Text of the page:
During the holiday season, we think about family, faith and festive gatherings; we also think about Kwanzaa, the holiday tradition that honors African-American ancestry and brings a sense of identity and belonging. The three colors of Kwanzaa: red, black, and green are rich in meaning. Honor your heritage by wearing one of these meaningful colors for Kwanzaa this season.
“I celebrate Kwanzaa with my 2 year old grandson. I enjoy teaching him all about his culture heritage as an African American and the seven principles that Kwanzaa represent.”
“Kwanzaa in our home is celebrated with tradition, kindness, and the memory of ancestry in our hearts.”
“The grandchildren each rehearse the seven principles throughout the week. On the last day we have the feast and light the candles. Every one who attends have to wear something afrocentric. I ordered a lot of caftans from Ashro for our celebration this year. We are having a vegetarian Kwanzaa our main dish is going to be brown stew tofu and black eye peas rice and peas.”
“We celebrate by decorating main room with Kwanzaa colors, posters & flag. We give Kwanzaa greetings to everyone. We light Kinara candles black, red & green. We celebrate Kwanzaa with drumming, reading African pledge with principals of blackness. We have a big Kwanzaa festival and have a gifts exchange with parents & children.”
“Kwanzaa is celebrated with seven family gathering where families light kinaras, or seven candle candelabras, with African culture and discussing the Nguzo Saba, or seven principles. Kwanzaa also includes a feast and gift and runs from December 26 through January 1. Kwanzaa originated in 1966 as a way for African-American to celebrate their heritage and traditional African culture. Kwanzaa had seven principles. These principles includes unity, self-determination, collective work and responsibility. Other principles include economics, purpose, creativity and faith. Each evening, families gather for drumming, story reading and traditional African foods, and a child lights one of the seven candles on the kinara that correspond to the colors of the African flag. Each celebration day has its own tangible object to correspond with one of the principles. Kwanzaa’s largest celebration occurs on December 31 when families meet for a huge feast known as a karamu that includes each family member drinking from a unity cup. After each child and adult has had a sip, the family’ s elder pour out the end of the cup in each of the cardinal directions in remembrance of the family’s ancestors.”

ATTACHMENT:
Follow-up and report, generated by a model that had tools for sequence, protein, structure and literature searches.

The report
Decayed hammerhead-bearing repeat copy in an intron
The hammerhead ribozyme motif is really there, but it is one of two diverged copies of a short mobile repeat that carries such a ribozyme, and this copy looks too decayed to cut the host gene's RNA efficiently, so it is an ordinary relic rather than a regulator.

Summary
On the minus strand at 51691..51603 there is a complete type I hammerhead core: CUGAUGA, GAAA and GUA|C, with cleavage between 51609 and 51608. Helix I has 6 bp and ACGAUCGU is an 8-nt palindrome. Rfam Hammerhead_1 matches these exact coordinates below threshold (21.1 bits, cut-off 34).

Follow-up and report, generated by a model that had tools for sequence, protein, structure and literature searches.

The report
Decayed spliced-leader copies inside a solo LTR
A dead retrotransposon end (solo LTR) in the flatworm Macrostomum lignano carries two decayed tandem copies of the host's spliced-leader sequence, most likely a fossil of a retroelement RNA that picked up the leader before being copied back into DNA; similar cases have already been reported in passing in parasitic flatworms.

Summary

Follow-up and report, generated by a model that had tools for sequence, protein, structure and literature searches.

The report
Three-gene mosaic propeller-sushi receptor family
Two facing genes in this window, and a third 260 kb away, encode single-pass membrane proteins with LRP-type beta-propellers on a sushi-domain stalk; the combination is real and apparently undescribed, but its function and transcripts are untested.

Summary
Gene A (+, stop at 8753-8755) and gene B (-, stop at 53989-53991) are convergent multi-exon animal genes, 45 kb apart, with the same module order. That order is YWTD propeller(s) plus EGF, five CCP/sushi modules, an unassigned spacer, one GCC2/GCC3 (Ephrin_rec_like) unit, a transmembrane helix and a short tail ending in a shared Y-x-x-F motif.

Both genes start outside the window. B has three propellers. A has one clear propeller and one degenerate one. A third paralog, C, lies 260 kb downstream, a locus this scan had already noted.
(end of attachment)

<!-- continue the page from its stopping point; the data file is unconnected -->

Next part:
“I celebrate Kwanzaa with family & friends with plenty of food, drinks, games, and happy music. I love when we all get together and enjoy the real for all of us being here today! I get excited when when everyone come together as family should be. Family means a lot to me because it’s the love of Christ JESUS Amen!!!”